Birch Sap is Back “On Tap”

Even though revamping our power system holds the bulk of my attention and activity lately (see Power Shift: A New/Old Battery Bank) other tasks, especially those that are seasonally sensitive, occupy me.

Birch tapping season recently returned to the “homestead”. However, informed by new advice, that season shifted somewhat this year.

This year's sap production in process (Photo: Mark A. Zeiger).

This year’s sap production in process (Photo: Mark A. Zeiger).

In past years, we tapped our local birch successfully following advice from various sources (see, for example, The First of the Cabin Wines). Several weeks ago, I saw our tapping window open, and prepared my tools. The day I planned to drill the first tap hole, Michelle sent me an Internet article that changed everything.

The article, from the blog Farming the Woods, covered tapping a variety of trees, including maple, birch, and walnut. I found this article particularly valuable because, unlike so many other sources we’ve found, it describes the differences between tapping methods and practices for maples and for birches.

Apparently, our older sources lumped together the tapping of these two different trees. The new article stressed that while the two processes are complementary, they differ in key respects.

Most significantly, the article points to what triggers sap rise in each tree. Maples respond to stem pressure, which comes from dramatic temperature changes between day and night. Birches respond to root pressure, triggered by temperatures stabilizing above freezing.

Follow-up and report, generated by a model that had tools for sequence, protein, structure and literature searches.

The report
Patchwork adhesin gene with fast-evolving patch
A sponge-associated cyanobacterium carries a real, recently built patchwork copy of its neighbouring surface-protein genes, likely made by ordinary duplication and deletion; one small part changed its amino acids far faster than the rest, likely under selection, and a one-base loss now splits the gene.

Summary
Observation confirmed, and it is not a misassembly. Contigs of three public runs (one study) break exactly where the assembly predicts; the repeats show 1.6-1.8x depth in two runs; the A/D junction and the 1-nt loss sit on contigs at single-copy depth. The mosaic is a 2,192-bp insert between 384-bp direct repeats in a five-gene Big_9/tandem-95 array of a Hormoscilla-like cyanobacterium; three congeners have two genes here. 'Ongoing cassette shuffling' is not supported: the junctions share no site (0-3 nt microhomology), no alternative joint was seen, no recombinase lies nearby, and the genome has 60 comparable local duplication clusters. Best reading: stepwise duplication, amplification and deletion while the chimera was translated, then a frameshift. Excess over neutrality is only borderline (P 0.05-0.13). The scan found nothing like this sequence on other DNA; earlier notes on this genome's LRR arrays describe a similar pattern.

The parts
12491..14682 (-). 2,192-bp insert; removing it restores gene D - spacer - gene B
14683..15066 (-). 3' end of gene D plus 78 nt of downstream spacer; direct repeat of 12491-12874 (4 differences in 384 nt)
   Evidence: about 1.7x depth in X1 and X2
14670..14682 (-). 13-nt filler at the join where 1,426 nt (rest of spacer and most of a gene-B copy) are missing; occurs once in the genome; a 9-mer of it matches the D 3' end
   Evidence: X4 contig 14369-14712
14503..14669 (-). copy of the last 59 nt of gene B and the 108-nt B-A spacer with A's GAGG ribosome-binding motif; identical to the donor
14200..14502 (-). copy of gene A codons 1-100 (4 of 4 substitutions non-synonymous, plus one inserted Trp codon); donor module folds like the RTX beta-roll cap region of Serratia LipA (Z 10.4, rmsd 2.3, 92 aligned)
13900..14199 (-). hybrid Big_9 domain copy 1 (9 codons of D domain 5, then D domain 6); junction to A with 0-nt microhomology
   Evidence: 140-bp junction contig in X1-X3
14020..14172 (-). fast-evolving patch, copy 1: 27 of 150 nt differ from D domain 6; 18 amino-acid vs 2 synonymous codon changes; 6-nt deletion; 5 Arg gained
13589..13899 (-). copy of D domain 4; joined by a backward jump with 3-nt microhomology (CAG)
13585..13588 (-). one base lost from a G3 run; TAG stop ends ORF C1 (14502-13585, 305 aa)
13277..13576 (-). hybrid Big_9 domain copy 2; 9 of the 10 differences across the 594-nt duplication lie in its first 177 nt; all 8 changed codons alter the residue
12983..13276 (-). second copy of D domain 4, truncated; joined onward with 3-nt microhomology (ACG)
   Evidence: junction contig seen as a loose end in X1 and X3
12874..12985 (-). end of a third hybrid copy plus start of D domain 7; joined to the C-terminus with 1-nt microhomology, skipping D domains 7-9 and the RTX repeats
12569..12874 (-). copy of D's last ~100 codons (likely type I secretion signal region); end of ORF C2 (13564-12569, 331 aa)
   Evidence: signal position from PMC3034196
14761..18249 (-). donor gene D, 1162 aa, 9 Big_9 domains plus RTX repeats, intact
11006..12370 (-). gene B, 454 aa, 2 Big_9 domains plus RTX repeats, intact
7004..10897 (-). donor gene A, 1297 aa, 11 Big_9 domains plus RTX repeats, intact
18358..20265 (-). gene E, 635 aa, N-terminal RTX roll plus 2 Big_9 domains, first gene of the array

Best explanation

In the past, I followed the older source recommendations, and tried to tap our birches as if they were maples. This proved tricky in our Southeast Alaskan springs with their very volatile temperature swings. This also explains why, once I started tapping, I found the flow more copious after the local temperatures stabilized. I noticed this, but failed to grasp its significance (see “Moonshine”).

The article also contained important information on how to tap trees and recommendations for storing sap. It also explained the health benefits of drinking birch sap.

Now, a few weeks later than planned, we’re drinking fruit juic concentrate made with birch sap instead of plain water, and I’ve started a few batches of birch wine fermenting. Looks like it’ll be a good season, if it’s slightly later than we expected.

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2 Responses to Birch Sap is Back “On Tap”

  1. Dave Zeiger says:

    Woo! Info score! Tip a glass o’ that our way! 8) Dave Z

    PS… have you run across anybody tapping alder?

  2. Mark Zeiger says:

    Dave, no. Aly said that you talked about that with her, but the article I mention claimed to list all the tappable trees. Alder wasn’t one of them. Of course, as you know, a lot of people regard alder as a bush rather than a tree, so maybe they are in that camp?

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